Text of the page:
The Act provides for an organisation experiencing difficulty meeting its requirements to apply for an exemption. According to the Tasmanian Anti-Discrimination Commission’s website there are no currently granted exemptions related to sexual orientation. In spite of this, religious Tasmanians are successfully pursuing their belief practices: the conduct of religion in Tasmania has not collapsed, and fleets of Mayflowers have not been seen crossing Bass Strait. Indeed, with ten years’ experience, Tasmania provides clear proof that discrimination against sexual minorities is not necessary in order to secure religious freedom.

A conditional freedom

Australians do not have an unconditional right to religious freedom. Article 116 of the Australian Constitution constrains the Commonwealth from establishing a state religion, or giving preference to one religion over another. It does not require or enable the Commonwealth to guarantee unrestrained freedom of belief, and the High Court has borne this out several times, notably in Adelaide Company of Jehovah's Witnesses, Inc. v The Commonwealth of Australia (1943).

The International Covenant on Civil and Political Rights (CCPR), which Australia has ratified, states in Article 18.3:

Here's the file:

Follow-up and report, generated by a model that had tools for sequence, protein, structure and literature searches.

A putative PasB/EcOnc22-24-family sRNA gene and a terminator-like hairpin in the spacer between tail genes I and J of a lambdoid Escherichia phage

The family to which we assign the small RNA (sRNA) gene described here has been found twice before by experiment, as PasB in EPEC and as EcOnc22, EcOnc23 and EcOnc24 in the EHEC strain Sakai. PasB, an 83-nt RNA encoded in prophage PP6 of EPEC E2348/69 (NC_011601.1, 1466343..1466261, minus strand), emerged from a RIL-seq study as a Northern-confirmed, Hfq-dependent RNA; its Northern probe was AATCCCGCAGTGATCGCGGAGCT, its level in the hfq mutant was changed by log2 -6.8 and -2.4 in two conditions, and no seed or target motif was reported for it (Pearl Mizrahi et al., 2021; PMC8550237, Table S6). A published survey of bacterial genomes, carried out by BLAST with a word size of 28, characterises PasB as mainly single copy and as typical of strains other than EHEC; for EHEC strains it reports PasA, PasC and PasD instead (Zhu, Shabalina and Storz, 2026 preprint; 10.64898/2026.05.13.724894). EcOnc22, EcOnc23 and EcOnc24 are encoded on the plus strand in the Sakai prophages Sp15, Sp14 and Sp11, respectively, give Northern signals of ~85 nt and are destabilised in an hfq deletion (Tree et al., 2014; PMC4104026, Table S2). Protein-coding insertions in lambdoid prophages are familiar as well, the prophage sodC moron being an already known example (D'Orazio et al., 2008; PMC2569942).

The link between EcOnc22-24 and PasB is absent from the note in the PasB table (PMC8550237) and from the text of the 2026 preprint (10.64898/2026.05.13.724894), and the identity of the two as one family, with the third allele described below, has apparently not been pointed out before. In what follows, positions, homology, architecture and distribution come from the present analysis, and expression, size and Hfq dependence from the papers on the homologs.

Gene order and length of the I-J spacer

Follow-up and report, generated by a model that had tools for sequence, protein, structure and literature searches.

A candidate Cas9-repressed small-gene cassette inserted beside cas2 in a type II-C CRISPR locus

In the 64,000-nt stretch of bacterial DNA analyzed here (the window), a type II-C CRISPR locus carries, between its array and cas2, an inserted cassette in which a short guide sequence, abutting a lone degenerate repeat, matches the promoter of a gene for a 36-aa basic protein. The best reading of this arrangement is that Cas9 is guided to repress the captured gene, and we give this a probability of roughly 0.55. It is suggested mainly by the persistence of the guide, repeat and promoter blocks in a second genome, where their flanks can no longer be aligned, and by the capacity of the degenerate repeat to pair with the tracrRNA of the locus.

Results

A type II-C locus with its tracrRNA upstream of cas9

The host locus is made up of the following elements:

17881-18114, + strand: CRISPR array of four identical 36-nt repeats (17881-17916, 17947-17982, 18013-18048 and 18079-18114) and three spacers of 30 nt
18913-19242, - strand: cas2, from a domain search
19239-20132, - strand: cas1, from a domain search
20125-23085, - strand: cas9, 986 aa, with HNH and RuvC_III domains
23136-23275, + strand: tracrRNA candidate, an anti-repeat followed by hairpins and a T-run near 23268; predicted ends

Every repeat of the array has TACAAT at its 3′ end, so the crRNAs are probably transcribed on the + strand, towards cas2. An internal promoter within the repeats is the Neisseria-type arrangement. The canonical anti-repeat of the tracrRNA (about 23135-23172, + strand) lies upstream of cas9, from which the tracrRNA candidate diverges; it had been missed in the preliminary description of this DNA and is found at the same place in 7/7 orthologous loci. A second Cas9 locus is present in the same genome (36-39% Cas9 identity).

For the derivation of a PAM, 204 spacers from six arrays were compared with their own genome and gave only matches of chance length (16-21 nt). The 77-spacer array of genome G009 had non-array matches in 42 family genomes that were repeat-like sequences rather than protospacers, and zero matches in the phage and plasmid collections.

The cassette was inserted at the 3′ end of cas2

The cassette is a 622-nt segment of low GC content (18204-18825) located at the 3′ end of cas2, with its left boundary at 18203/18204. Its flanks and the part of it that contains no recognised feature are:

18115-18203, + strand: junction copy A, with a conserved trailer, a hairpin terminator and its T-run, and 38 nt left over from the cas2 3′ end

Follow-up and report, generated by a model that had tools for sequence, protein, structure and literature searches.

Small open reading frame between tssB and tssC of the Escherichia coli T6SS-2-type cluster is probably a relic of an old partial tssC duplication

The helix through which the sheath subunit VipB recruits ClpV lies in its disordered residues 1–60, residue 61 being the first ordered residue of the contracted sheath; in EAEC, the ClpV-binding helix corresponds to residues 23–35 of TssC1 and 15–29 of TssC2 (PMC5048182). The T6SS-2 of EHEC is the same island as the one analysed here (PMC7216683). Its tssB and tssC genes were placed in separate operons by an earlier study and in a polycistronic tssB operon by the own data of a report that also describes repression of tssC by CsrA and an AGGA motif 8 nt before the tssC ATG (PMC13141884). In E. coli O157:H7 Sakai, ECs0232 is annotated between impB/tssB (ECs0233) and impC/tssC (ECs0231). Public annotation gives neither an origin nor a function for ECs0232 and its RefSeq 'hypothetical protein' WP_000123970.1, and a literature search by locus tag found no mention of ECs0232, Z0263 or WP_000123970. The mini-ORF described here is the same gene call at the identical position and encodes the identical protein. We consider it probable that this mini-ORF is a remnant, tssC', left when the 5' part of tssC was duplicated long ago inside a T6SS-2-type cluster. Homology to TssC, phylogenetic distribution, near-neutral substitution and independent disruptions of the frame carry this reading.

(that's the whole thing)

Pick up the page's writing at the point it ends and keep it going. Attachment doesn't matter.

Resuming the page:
3. Freedom to manifest one's religion or beliefs may be subject only to such limitations as are prescribed by law and are necessary to protect public safety, order, health, or morals or the fundamental rights and freedoms of others.

CCPR allows circumscription of religious freedom to protect the safety, health and freedom of others. Neither CCPR nor the Australian Constitution privileges religious belief over the rights and freedoms of other groups in society. Neither instrument obliges the state to protect members of religious organisations from being offended, particularly should that protection come at others’ cost.

In good faith, Australian states have attempted to accommodate the sensibilities of religious bodies with exemptions to their anti-discrimination laws. Unfortunately many religious bodies have not managed their use of the exemptions well - rather, they have applied them arbitrarily and secretively. In Tasmania it has been shown that religious organisations can thrive in an environment that values both religious and sexual minorities.

Granting an exemption to a law bestows a great privilege, and a heavy responsibility on the beneficiary of that exemption. In failing to responsibly manage the exemptions available to them, many religious organisations have shown themselves unworthy of the privilege. At the same time, they’ve proven that the current exemptions to discrimination laws are indeed unnecessary for the free practice of religion in this country.

It’s time for the exemptions to go.

Jim Woulfe is concerned about the rights of gay couples.